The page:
These results held true for “views” spanning the mainstream political spectrum — Republican, Independent, and Democrat.
What’s more, the researchers found a strongly correlated behavioral effect from this shifting of viewpoints; a second experiment showed that people indeed “put their money where their mouth is” (or rather, withhold their money when faced with their policy ignorance) in terms of monetary donations to a given political cause. Given the opportunity to donate ‘bonus’ money to a politically-related organization, participants whose extreme views had shifted or “softened” after having to explain the policies were less likely to donate money to that political organization.
The Importance of Being Uncertain
The researchers feel that their findings could possibly help to keep lines of communication open amongst those locked in ideologically-driven debate or negotiations.
“This research is important because political polarization is hard to combat. There are many psychological processes that act to create greater extremism and polarization, but this is a rare case where asking people to attempt to explain makes them back off their extreme positions.” commented Fernbach.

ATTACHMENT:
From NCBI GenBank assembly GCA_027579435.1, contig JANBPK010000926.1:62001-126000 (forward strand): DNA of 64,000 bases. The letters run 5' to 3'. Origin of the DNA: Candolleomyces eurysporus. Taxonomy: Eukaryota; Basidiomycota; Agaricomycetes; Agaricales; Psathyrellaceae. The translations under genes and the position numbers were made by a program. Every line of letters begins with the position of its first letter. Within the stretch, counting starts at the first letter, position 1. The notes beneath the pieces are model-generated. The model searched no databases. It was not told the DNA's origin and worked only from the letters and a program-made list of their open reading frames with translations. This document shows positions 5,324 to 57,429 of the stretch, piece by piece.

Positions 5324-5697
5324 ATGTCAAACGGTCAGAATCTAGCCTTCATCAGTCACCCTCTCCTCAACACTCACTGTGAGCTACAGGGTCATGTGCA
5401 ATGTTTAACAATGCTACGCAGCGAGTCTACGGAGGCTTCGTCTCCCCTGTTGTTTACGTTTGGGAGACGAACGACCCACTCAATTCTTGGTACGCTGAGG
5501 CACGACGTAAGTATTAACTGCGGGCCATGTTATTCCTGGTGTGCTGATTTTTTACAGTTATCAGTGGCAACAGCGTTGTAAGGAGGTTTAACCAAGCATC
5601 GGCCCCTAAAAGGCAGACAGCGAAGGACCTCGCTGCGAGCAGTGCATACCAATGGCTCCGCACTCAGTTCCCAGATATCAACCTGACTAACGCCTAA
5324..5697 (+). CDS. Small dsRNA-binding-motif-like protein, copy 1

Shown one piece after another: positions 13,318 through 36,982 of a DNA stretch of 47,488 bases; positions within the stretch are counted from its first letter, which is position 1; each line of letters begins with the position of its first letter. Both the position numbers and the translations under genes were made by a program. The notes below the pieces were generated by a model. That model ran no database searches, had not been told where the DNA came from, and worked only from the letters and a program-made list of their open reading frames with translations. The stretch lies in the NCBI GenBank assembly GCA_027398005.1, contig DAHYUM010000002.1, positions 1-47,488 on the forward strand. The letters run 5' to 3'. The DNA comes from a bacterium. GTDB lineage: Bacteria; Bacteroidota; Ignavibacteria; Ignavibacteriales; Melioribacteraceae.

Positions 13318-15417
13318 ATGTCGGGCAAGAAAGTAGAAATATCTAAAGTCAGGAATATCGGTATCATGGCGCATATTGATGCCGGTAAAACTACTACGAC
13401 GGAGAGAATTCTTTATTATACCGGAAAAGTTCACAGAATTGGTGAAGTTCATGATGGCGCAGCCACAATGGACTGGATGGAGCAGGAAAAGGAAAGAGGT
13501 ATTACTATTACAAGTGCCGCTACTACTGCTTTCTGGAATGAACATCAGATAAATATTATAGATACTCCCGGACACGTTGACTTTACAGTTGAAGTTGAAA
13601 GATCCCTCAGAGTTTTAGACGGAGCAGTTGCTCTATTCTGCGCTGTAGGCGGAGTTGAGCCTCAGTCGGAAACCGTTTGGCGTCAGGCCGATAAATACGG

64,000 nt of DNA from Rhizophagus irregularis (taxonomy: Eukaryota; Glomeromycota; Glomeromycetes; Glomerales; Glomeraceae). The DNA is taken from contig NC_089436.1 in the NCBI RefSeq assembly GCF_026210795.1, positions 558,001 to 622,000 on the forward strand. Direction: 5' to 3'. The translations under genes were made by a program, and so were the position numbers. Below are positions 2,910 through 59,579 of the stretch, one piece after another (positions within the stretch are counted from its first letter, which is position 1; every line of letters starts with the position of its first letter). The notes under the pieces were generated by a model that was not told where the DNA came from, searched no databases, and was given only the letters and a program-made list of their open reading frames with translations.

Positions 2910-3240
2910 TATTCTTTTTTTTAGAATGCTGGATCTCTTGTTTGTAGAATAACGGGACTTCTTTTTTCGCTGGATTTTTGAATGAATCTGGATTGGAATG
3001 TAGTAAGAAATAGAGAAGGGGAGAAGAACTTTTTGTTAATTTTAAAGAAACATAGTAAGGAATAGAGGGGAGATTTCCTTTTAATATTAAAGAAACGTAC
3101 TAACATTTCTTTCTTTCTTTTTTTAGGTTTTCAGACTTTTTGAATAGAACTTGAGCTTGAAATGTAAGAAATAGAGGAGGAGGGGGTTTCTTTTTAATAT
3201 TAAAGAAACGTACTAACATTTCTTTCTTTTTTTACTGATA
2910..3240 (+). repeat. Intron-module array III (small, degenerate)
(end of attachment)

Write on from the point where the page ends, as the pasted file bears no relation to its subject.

This study (Fernbach et al) would also seem to be supported by, or be related to, earlier research regarding the role that uniformed individuals (those showing ‘weak preferences” in both human and non-human animal groups) play in “promoting democratic consensus” through preventing extreme minority viewpoints from dictating group choice (see: Couzin et al; ‘Uninformed Individuals Promote Democratic Consensus in Animal Groups’, Science, 16 Dec., 2011).
Well, maybe as long as the “uninformed individuals” have to explain themselves before they go vote.
The study paper is entitled: ‘Political Extremism Is Supported by an Illusion of Understanding’ and its co-authors include Todd Rogers, Harvard Kennedy School; Craig R. Fox of the University of California, Los Angeles; and Steven A. Sloman of Brown University. Source: Association for Psychological Science
While I find this study affirming of my principles of moderation (in most things) and feel it is generally valid, the study results imply (and seem to confirm) that any given extreme political view (towards a given policy, as defined by the researchers) is generally held by someone who cannot explain accurately the policy for which the view is held. The study also seems to imply that the extreme view is the ‘wrong’ view (because it is unsupported by personal understanding; it could be unsupported, but, by chance, be correct), and further seems to imply that, therefore, the moderated/softened view is more “correct”, or closer to the truth.
Psychological studies such as these are always problematic.
Some source material for this post (including quotes) came from the escience news article: ‘Extreme political attitudes may stem from an illusion of understanding’ – published: Monday, April 29, 2013 – 12:36 in the Psychology & Sociology section.